Out of the 20 flasks which he opened and resealed on a dusty road, 8 showed spoilage, while out of the 20 that he opened on the top of a mountain, only 5 showed spoilage and out of the 20 that he opened near a glacier, only 1 showed spoilage. After incubation, only those flasks carrying micro-organisms from the air showed growth and spoilage. From these experiments, Pasteur concluded that air contained microorganisms, and their number varied from place to place.
Pasteur made an intensive study of beer and wine fermentation. He found that wine spoilage was caused by the growth of undesirable contaminating microorganisms. After some experimentation, he showed that wine did not undergo spoilage if it was held for a few minutes at 50 to 60°C. This gave rise to the new process of preserving wine, fruit juices, milk, etc., and was called ‘Pasteurisation’.
Pasteur studied several other fermentation processes and showed that not only each type of fermentation was accomplished by a specific type of microorganism but also that each fermentation required specific environmental conditions.
He showed that the agent responsible for alcoholic fermentation could flourish in an acid medium while microorganisms for lactic fermentation could grow best only at a neutral pH. During the studies on butyric acid fermentation, Pasteur discovered the existence of life in the absence of oxygen. He reasoned that oxygen was inhibitory to the growth of butyric acid bacteria.
Pasteur also found that many other microorganisms, including yeast, could grow either in the presence or in the absence of oxygen. He designated life in the presence of oxygen as ‘aerobic’, in the absence of oxygen as ‘anaerobic’, and in the presence or absence of oxygen as ‘facultative anaerobic’.
By claiming that boiling made the fluids sterile, Pasteur established the field of sterilisation. He soon discovered that even after boiling, regular water still contained some germs. Pasteur established the process of sterilising fluid material by heating it to 120°C under pressure (autoclave). He also popularised the technique of dry heating glassware to 170°C for sterilisation. Many other researchers paid great attention to Pasteur’s accomplishments in sterilising.History of Microbiology History of Microbiology History of Microbiology History of Microbiology History of MicrobiologyvHistory of Microbiology History of Microbiology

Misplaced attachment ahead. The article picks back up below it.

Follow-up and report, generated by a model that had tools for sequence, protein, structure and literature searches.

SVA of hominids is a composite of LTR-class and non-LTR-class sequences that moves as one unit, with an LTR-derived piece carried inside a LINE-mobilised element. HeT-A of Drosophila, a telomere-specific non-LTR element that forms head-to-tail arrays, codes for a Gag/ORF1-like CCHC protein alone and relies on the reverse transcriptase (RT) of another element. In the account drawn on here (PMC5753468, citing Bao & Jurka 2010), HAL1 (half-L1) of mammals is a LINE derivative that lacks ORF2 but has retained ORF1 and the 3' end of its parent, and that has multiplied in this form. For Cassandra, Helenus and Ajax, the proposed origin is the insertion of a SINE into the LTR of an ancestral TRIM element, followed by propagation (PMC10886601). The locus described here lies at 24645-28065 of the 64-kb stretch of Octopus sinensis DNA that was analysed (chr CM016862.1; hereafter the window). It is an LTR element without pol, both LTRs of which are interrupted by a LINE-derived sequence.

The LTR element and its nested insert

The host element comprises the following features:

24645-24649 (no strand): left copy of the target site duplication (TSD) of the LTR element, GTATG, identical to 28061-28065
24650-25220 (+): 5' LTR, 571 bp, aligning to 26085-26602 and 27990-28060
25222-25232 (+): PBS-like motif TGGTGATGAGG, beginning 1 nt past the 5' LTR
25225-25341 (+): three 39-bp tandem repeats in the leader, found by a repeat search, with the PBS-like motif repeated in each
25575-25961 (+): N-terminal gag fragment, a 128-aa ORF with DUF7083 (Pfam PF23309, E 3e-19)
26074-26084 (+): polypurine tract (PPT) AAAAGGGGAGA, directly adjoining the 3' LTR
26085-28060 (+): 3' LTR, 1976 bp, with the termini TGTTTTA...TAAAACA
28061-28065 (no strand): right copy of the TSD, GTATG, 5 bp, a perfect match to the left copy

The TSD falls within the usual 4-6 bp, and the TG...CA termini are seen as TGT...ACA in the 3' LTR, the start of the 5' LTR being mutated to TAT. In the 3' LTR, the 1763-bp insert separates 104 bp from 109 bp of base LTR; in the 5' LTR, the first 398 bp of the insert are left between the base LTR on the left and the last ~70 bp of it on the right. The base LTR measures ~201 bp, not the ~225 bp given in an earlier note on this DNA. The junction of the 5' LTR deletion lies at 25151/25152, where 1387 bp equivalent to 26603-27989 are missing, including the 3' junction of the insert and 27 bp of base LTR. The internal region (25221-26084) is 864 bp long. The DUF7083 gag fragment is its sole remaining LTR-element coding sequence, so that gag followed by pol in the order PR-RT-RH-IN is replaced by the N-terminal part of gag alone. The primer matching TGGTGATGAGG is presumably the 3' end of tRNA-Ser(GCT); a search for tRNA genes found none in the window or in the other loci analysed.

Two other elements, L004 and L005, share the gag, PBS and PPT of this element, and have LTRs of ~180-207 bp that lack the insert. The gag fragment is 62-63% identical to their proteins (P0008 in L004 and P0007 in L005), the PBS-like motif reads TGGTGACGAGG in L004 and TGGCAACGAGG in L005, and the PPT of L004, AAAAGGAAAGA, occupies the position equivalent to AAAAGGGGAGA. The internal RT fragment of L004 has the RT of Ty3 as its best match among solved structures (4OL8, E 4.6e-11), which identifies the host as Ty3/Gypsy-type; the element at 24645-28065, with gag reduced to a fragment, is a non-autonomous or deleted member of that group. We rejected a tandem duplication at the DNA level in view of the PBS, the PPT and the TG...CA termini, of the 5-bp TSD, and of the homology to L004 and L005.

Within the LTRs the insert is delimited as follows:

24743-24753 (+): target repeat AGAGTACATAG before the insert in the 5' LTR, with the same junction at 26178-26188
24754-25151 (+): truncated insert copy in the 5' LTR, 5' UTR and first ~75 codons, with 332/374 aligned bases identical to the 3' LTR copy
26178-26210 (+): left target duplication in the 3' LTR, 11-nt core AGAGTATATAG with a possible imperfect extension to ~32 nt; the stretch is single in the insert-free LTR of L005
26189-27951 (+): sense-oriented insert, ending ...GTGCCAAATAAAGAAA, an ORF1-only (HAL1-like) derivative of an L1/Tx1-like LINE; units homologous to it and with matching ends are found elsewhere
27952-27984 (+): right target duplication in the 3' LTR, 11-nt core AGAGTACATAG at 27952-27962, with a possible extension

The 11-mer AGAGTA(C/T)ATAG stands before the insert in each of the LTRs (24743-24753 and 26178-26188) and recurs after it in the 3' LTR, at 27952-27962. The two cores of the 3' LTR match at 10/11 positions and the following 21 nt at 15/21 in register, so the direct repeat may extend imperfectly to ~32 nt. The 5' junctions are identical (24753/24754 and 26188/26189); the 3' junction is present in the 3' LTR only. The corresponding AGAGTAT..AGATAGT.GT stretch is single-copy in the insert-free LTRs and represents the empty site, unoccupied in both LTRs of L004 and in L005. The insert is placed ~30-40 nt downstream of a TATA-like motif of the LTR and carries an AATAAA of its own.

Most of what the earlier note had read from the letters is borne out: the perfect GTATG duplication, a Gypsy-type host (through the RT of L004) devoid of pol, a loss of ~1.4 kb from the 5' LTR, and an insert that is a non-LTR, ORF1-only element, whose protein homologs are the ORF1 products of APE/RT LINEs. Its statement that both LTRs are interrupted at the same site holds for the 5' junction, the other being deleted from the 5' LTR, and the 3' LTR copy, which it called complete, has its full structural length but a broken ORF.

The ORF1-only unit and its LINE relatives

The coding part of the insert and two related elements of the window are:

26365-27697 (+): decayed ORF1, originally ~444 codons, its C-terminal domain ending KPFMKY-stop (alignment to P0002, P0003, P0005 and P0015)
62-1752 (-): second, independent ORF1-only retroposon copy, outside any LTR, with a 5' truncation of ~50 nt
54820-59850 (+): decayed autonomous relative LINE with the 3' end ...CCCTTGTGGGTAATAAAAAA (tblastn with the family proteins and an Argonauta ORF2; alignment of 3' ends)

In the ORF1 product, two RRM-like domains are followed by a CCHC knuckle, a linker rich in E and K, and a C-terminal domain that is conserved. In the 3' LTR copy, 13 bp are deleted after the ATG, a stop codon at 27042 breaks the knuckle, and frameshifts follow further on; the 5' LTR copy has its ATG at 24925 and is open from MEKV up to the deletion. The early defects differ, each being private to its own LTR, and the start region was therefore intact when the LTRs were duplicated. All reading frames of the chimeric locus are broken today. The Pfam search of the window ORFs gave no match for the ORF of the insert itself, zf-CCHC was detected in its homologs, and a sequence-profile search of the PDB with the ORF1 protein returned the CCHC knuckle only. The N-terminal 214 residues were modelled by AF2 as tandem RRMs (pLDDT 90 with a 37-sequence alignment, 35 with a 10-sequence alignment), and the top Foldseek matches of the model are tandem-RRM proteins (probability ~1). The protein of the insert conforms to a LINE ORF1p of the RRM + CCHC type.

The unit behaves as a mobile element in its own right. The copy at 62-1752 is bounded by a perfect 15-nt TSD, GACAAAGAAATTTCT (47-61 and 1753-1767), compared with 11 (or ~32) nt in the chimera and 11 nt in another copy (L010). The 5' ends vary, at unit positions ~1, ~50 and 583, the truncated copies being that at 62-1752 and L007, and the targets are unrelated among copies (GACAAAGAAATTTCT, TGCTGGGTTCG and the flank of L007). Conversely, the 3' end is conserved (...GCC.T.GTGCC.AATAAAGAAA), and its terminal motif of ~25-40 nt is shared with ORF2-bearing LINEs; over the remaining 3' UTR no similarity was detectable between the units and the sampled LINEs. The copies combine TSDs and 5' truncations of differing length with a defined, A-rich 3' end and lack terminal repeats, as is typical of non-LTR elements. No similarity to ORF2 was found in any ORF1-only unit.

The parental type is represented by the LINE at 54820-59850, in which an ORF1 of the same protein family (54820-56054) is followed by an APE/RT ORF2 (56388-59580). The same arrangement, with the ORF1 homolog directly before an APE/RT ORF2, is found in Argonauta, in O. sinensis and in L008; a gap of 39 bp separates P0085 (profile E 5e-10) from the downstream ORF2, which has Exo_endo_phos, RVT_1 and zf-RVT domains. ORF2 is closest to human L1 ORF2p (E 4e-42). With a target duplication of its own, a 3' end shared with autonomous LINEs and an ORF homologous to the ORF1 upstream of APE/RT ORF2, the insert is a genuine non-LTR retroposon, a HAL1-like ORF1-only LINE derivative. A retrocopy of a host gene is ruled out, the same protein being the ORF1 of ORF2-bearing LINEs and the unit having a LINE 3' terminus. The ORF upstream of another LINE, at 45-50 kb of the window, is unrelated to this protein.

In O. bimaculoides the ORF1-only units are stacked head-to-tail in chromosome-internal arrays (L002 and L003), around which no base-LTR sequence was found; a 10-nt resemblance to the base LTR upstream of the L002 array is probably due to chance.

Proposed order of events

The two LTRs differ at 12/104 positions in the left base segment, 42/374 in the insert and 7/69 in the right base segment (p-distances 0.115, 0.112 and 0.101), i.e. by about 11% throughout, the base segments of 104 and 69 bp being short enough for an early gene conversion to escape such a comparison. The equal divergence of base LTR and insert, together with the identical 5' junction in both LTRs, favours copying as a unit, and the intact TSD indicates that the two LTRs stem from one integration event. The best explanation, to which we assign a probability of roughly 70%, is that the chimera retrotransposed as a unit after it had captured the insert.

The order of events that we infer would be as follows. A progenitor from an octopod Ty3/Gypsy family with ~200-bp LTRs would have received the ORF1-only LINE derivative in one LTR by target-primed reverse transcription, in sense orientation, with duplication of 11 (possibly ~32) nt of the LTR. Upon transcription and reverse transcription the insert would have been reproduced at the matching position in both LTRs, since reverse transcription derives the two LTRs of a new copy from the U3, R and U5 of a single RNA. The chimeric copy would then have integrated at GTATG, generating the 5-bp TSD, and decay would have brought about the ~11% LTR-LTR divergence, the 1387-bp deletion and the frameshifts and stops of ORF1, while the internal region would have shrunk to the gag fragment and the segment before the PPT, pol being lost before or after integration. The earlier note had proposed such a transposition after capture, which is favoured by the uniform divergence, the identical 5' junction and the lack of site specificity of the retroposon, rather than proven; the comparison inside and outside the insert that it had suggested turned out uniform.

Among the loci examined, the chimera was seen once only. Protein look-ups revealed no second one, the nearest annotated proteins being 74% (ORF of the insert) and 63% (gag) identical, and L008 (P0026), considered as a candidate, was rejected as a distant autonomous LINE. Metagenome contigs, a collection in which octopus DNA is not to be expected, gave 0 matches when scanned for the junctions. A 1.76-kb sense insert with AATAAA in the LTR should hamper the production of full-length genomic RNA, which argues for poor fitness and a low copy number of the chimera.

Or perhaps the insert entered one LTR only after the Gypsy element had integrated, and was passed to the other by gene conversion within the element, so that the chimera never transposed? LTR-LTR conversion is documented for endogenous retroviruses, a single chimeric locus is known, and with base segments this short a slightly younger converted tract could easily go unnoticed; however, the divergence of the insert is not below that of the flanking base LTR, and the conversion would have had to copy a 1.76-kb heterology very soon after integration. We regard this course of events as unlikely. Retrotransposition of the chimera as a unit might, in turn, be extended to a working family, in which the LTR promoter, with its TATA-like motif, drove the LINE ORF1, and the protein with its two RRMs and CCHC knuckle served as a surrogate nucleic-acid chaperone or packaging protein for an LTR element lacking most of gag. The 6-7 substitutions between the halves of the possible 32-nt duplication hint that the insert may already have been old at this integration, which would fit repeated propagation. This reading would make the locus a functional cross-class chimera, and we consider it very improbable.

Tyndall conducted an important experiment and found that when bacteria were dormant, they were relatively resistant to boiling when they were actively growing. He popularised the process of sterilising through repeated heating with timed intervals. Tyndallization is the term for this technique.History of Microbiology
In 1880, Pasteur isolated the bacterium responsible for chicken cholera and grew it in pure culture. But on the day of his public demonstration, he failed to repeat his experimental results. The chicken survived after injecting the isolated bacterial culture and this result surprised him. In subsequent experiments, he concluded that on long preservation or subculturing, the virulence power of the pathogenic bacteria was destroyed.History of Microbiology
Such microbial culture with decreased virulence was referred to as attenuated culture. Such attenuated culture does not cause infection but induces immunity in the host.History of Microbiology
Pasteur further introduced a vaccine for anthrax and rabies. He knew that the causative agent of rabies attacked the brain and spinal cord. He took spinal cords from rabbits that died from the disease and suspended these cords in dry sterile air. Through this process, the rabies microorganisms in the nervous tissue lost their virulence and the emulsion of the spinal cord was used as a vaccine. It was found to be effective in dogs. Joseph Meister was the first boy cured of rabies by this vaccine.History of Microbiology
2. Robert Koch and Anthrax
The first direct demonstration of the role of bacteria in causing the disease was provided by Robert Koch (1843-1910).
He was a German physician, who first isolated Bacillus anthracis, the causative agent of anthrax. His method of preparing, fixing, and staining film preparation of bacteria using aniline dyes, opened a new area in bacteriological techniques. In 1881, he described his method of preparing cultures on solid media, and the isolation of pure strains of bacteria from single colonies was made possible.
Till 1881, solid media using potato and gelatin were in practice for the isolation of fungi. Robert Koch added nutrient agar, a solid transparent medium for the isolation of bacteria.History of Microbiology